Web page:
As the retail space categorically struggles to figure out what to do about the brick-and-mortar problem, one vertical isn’t experiencing a problem at all. Physical retail has proven an effective tool for health and beauty brands in recent years, even as other verticals struggle to figure out what it takes to thrive in the changing retail world.
Unfortunately, those other categories may only be able to learn so much from the successes of brands like Sephora— some of that success just comes down to unique features and how people shop for different types of products. Makeup comes with a ready-made experiential retail opportunity.
However, that doesn’t mean other categories can’t also differentiate themselves by offering unique in-store experiences. It just means it will take even more creativity. What’s clear is that in-store experiences do drive traffic, so for retailers that get it right, it can mean keeping the doors open or even driving growth of new stores.
Why Beauty Is Thriving
According to PYMNTS’ most recent Omni Usage Index, a collaboration with Vantiv (now Worldpay), customers buying beauty products aren’t always “on a mission” — 40 percent of survey respondents told PYMNTS they don’t know what they want before arriving at the store.
This suggests that browsing and impulse buys are significant behaviors in the beauty category — two activities that traditional stores can support much more readily than their modern digital counterparts. Consumers may or may not be going into their shopping venture with a specific budget in mind and may be more easily swayed to add more items to their carts.
This also speaks to the importance of seeing, touching and trying beauty products in person. Even customers who did online research first tend to make a store visit before a final purchase.
The same is true in apparel, where fit and comfort are key but represent a major challenge on digital channels. No matter how easy companies make it to process returns and exchanges, it’s clear that many consumers still feel there’s something to be said for trying-before-buying.
As appealing as that may be for fashion shoppers, it makes even more sense in beauty. In fashion, provided that the customer got home, put the item on, realized the fit was wrong, and returned it rather than wearing it, a shirt that has been returned can be put back on a hanger and sold to someone else. A mascara that has been opened cannot, even if the company is willing to offer a refund for product dissatisfaction.
Lesson 1: Don’t Compete With Yourself
Although beauty is a unique category, there are certainly some lessons to be learned across verticals. One takeaway from the Index is that physical and digital channels by the same retailer should not compete against each other, but work in tandem.
Sephora is a good example of this. In 2015, the French-import and specialty beauty retailer operating in the U.S. launched a major initiative to integrate its mobile and in-store shopping features into a comprehensive omnichannel customer outreach program.
Sephora now leverages artificial intelligence (AI)-powered social media chatbots to engage with customers, augmented reality (AR) try-on functions that have changed the way beauty brands look at mobile apps, and various other omnichannel techs, which it conceives and tests in its Innovation Lab.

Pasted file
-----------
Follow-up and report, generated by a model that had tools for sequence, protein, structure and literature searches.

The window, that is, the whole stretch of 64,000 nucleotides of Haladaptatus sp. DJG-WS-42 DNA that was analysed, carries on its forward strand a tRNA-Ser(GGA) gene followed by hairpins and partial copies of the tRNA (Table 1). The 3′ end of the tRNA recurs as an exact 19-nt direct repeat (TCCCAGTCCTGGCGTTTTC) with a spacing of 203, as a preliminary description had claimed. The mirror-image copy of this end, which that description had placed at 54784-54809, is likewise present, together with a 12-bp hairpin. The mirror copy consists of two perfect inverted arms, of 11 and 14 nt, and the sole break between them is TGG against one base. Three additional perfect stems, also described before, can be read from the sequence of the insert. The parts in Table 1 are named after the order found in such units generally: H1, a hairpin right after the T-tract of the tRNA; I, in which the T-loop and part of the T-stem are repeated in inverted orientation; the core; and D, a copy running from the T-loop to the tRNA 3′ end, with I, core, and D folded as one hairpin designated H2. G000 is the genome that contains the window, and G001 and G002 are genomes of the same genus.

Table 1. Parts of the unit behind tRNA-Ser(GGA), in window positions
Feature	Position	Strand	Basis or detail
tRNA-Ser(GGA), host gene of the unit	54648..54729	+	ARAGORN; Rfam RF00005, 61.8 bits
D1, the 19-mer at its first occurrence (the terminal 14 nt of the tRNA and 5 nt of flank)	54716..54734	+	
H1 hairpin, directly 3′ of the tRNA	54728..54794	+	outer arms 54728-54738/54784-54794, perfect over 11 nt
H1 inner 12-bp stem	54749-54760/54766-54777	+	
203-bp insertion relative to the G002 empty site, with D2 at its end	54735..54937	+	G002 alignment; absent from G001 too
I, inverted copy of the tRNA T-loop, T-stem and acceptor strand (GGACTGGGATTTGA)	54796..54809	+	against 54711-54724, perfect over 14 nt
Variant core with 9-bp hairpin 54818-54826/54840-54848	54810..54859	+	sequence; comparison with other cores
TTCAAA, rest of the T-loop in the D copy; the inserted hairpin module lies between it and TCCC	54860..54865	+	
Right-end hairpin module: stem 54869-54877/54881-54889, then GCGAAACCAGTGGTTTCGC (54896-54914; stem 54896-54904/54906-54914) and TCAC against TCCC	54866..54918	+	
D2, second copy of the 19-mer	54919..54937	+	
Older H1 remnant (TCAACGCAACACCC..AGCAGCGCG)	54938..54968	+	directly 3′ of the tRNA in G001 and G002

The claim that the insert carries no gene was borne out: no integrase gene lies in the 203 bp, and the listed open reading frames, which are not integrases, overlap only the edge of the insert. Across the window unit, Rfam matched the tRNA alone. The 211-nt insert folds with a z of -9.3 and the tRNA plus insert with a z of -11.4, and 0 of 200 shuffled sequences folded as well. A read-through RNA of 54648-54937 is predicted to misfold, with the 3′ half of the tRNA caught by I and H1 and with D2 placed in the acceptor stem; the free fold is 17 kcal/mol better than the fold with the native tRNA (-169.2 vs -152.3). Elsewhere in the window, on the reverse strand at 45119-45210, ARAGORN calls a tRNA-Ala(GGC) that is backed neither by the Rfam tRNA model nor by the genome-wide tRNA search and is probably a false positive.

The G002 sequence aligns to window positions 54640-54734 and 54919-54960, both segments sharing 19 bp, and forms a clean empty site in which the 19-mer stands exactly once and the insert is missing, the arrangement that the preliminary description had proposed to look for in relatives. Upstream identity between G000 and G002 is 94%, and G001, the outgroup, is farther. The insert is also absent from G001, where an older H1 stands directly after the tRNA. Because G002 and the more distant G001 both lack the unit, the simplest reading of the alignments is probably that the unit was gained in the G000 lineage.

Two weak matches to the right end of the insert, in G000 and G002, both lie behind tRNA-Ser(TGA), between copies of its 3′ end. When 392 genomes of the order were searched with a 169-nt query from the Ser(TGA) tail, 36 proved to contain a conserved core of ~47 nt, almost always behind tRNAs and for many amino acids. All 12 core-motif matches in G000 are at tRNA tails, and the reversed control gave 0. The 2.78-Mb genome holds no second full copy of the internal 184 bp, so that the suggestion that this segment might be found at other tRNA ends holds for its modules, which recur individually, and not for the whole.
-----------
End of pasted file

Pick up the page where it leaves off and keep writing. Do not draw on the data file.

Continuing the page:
Lesson 2: Be Where The Customers Are
The numbers showed that more than half of health and beauty consumers were “any-channel” shoppers — that is, not strictly digital and not strictly brick-and-mortar shoppers, but using different channels at different times depending on their needs. Therefore, brands must be ready to meet customers wherever they may be looking for products.
People use mobile apps more in health and beauty contexts than in any other retail category, beating apparel, grocery and mass retailers by a healthy margin. However, not as many people are using those apps as one might think. Between one-third and half of respondents said they were not aware of whether the retailer they were shopping with even had a mobile app, while only 7 to 15 percent said they knew about a mobile app tied to the brand and used it regularly.
Doing research on digital channels before visiting a store is proving a popular strategy, with 33 percent of beauty product customers saying they only purchased beauty products in stores after doing research online. Another 33 percent said they did so occasionally. So it’s clear that the digital side of omnichannel is playing a significant role, regardless of where and how consumers ultimately make their purchases.
As for buying digitally for pickup at a local store, this function has caught the attention of merchants and media alike, but it seems that the consumers it aims to serve have not yet embraced the possibilities of “buy online, pick up in store,” at least in the health and beauty vertical. Factors like age, income and education levels correlate with how consumers prefer to shop. For instance, brick-and-mortar shoppers tend to have lower incomes and education levels, while those in higher income brackets tend to be any-channel shoppers.
Perhaps that’s a product of resource confidence: Those with a financial cushion may feel comfortable spending whenever, wherever and however the fancy strikes, while those who are pinching pennies must shop more deliberately.
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The weakest link in any supply chain, particularly across borders, can be payments. Brian Jamieson, CEO and co-founder of Centtrip, tells PYMNTS in the latest edition of the Faster Payments Tracker that leveraging faster, even real-time payments can help corporates mitigate the high FX costs and the risk of delayed payments. With the trillions of dollars of cross-border transaction volume, Jamieson says that keeping those supply chains strong by optimizing payments across them is now essential.
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